Ann Adalist-Estrin is being honored as a Champion of Change for her dedication to the well-being of children of incarcerated parents.
1979 was designated the International Year of the Child by the United Nations and I was part of a local group of Early Childhood Educators in Philadelphia that chose Children with Incarcerated Parents as a focus for IYC service activities. We discovered then, that there was no agency or system in place for this population of children locally or nationally. There were few programs across the country to look to as models and scant research to guide us. Thus began my 34 year journey blending my training as a child and family therapist with my career as a trainer to focus on changing that landscape. The program that was born from those grass roots efforts in 1979 was a comprehensive visiting/parenting/family counseling program that I directed at the Bucks County Correctional Facility in Pennsylvania for 5 years. My work there led to an affiliation with the Family and Corrections Network and to connections to others who were beginning to be concerned about children and families impacted by the Criminal Justice System.
I am so very proud to be named a White House Champion of Change and to experience this honor in the company of the other amazing Champions, all of them have been a part of my journey and together we have formed a foundation of advocacy that has raised public awareness and improved services for children of the incarcerated and their families.
Many things changed in 2006, when the Federal Resource Center on Children of Prisoners, originally funded by a grant from the National Institute of Corrections and located at the Child Welfare League of America, merged with the Family and Corrections Network to create the National Resource Center on Children and Families of the Incarcerated. As Acting Director of the Federal Resource Center and then as Director of NRCCFI, I had the privilege of engaging with agencies and organizations in 49 of our 50 states, assisting them with the creation of programs policies and practices.
Along the way, my conversations with thousands of children, caregivers, parents and agency staff across this nation, confirmed and supported my belief that children of the incarcerated are, first and foremost just children. They go to school, get pediatric checkups and sometimes see therapists. Those that work in these systems are typically eager to learn more about the issues and hear about strategies to help them to help the children. I have been working with the Seedling Foundation and Austin Independent School District in Texas to implement policies and practices that support children of incarcerated parents and their families; through the Healthy Steps for Young Children Program at Boston University School of Medicine we train pediatricians to look at family stressors including parental incarceration and to provide resources to parents that will aid in coping and with Connecticut’s state wide CIP initiative, training for Mental Health Providers is specifically geared to addressing the trauma associated with parental incarceration.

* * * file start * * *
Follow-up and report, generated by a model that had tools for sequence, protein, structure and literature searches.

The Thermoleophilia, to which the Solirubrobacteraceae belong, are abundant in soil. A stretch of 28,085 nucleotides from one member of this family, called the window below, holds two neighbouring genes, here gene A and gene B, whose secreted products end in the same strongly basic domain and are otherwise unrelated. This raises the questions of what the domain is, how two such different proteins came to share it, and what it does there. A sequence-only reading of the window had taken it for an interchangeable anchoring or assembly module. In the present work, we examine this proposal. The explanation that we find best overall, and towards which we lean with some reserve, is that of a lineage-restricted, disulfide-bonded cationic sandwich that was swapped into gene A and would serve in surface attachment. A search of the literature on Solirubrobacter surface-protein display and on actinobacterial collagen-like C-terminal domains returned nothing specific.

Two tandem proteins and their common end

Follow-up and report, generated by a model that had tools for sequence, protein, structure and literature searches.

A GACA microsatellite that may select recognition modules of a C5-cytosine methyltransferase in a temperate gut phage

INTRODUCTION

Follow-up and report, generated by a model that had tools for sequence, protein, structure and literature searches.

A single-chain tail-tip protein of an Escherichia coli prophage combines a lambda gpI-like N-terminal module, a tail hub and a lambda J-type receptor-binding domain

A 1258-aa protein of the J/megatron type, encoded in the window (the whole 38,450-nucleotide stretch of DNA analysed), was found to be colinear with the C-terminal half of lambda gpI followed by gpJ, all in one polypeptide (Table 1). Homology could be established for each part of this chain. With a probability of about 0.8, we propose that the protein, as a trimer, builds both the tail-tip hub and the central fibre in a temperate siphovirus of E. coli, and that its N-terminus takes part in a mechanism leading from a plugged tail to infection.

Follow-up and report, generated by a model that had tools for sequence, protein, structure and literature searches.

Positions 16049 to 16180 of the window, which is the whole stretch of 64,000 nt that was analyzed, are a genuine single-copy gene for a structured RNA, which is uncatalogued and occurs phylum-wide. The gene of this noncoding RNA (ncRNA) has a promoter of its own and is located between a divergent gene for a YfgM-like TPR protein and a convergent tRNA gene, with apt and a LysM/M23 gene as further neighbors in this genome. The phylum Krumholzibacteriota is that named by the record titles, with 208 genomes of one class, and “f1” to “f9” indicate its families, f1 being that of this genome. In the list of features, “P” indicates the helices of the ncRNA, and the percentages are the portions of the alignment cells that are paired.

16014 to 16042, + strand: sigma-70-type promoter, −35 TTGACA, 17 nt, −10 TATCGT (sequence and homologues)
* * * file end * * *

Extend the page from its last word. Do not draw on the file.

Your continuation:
Some children of the incarcerated are in the Child Welfare System and my most extensive project this last year has been implementing state wide training for child welfare workers in New Jersey, working with the New Jersey Child Welfare Training Partnership to create the curriculum and implement trainings. I have learned so much from the hundreds of workers from the NJ Department of Child Protection and Permanency that have attended these sessions. The intersection of Child Welfare and Corrections is complicated and challenging and their commitment and creativity continues to inspire me and to inform the development of future projects.
These are children that also have direct and indirect contact with the criminal justice system; a system that is often ill prepared for responding to the needs of children. My presentations at a series of Federal Probation Office Regional Training Conferences led to the creation of a Train the Trainer Session for the Pennsylvania Department of Probation and Parole that is used for training new officers on issues related to children of incarcerated and newly released parents.
These projects are all changing the conversations about children of the incarcerated within the systems that serve them. Recently, I developed a new course for Rutgers University in Camden New Jersey-“Topics in Criminal Justice: Children and Families of the Incarcerated.” Several students have come to me to let me know that they had incarcerated parents and thanked me for making it easier for them to let go of the secret. So much has changed and still there is much to do to create a world where children of incarcerated parents can all feel safe to talk about their parents and their feelings without fear of judgment.
Once, during a question and answer session after a presentation in the early years of my work, someone asked me “where do you want this all to lead?” And I said, “To the White House!” And they laughed. But 30 years later, it did and I am truly grateful to all who were a part of the journey that led me here.
Ann Adalist-Estrin is Director of the National Resource Center on Children and Families of the Incarcerated in Philadelphia.